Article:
About a month ago I asked Naked Security readers Which web browser do you trust? Your answer was emphatic: it's Firefox.
Modern web browsers are mature and complex products and, despite inflated version numbers and conspicuously busy release cycles, their feature sets evolve quite slowly.
Selecting the right web browser is no longer a question of what the software can do, it's about whether or not it can do the things we expect it to do quickly, securely and with due regard for our privacy.
Our poll offered readers the chance to vote for one of the six most popular web browsers - Chrome, Firefox, Internet Explorer, Opera, Safari and Chromium - and asked which you trusted the most.
Firefox accrued almost double the number of votes of its nearest rival, Google Chrome, and more than six times the votes awarded to perennial rival and fellow 'browser wars' veteran Internet Explorer.
|Browser||Share of the vote|
The results are even more emphatic when you consider how many people actually use each browser.
Below is a table that compares the number of votes each browser received in the poll against the number of unique article pageviews from each of those browsers over the same period.
Results are ranked in order of conversion rate - the rate at which page views by a given browser correlate with votes for that browser (Chrome and Chromium identify themselves in the same way and we can't separate their unique page views so their results are combined in this table).
|Browser||U. Pageviews||Votes||Conv. rate|
Top of the table is Opera which was the only browser that scored more votes for trustworthiness than it had users, although it did so with much smaller totals than its competitors.
You could probably sum up the entire history of the Opera browser with the phrase "small but loyal following" and despite the regard in which its users hold it Opera seems destined to remain the perennial bridesmaid of the browser world.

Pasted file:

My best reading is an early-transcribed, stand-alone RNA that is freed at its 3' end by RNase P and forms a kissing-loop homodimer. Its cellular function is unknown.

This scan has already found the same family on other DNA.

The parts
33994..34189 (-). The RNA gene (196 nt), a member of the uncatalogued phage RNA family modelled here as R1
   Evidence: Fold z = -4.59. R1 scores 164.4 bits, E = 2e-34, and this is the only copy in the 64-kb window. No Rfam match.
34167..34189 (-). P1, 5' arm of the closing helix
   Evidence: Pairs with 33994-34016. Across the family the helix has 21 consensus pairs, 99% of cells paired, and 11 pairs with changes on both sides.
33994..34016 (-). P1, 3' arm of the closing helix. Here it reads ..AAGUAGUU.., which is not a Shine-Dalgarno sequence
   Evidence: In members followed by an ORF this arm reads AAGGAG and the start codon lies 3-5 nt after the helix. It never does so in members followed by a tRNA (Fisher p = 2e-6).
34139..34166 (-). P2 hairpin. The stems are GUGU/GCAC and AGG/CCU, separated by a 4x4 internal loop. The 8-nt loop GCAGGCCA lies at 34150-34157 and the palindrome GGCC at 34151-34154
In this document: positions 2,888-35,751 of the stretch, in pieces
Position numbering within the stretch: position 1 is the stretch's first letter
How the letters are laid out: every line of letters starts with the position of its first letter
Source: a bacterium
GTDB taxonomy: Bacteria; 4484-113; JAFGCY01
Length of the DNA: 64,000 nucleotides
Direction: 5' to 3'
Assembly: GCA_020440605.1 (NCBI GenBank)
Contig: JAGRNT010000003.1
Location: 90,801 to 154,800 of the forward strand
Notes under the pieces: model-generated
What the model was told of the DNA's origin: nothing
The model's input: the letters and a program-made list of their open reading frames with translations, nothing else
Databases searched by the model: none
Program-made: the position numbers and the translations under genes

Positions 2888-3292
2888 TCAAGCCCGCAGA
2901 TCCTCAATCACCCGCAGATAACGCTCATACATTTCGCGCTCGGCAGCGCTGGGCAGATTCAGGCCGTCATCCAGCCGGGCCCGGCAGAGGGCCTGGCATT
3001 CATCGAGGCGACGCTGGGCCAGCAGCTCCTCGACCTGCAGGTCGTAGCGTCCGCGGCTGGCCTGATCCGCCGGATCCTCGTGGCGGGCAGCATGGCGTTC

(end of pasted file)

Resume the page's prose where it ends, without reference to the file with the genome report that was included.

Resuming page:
The poor showing of Internet Explorer is notable but perhaps not surprising given that it is often imposed on users as a matter of corporate policy.
What stands out at me is the difference between the Mozilla and Google products. Both browsers are well established and well known open source projects, they both run on Windows, Mac and Linux and unlike Explorer or Safari neither come bundled with an operating system.
Perhaps Chrome users are more cynical or more realistic about where they place their trust. Or perhaps people who choose Chrome are also people who don't vote in internet polls.
We don't know but I suspect, as the comments on our poll seem to suggest, that the reason for Chrome's poor showing is that Google's claim to Do No Evil is simply no longer convincing.
The untrustworthiness of Google is a consistent theme across the most highly rated comments on the poll:
frankly I trust Google the least, as they have too many data points for comparison.
I don't trust Google as far as I could throw 'em. As a company, it's entirely uninterested in my security or privacy, especially if it can make money by selling my personal information.
Trusting any software completely is a bit foolish, but anyone who actively trusts Chrome is a good subject for psychological study.
You get the idea.
Of course this is only an online poll and and not a scientific experiment so my conclusions should be taken with a liberal pinch of salt.
Let me know what you think in our comments below.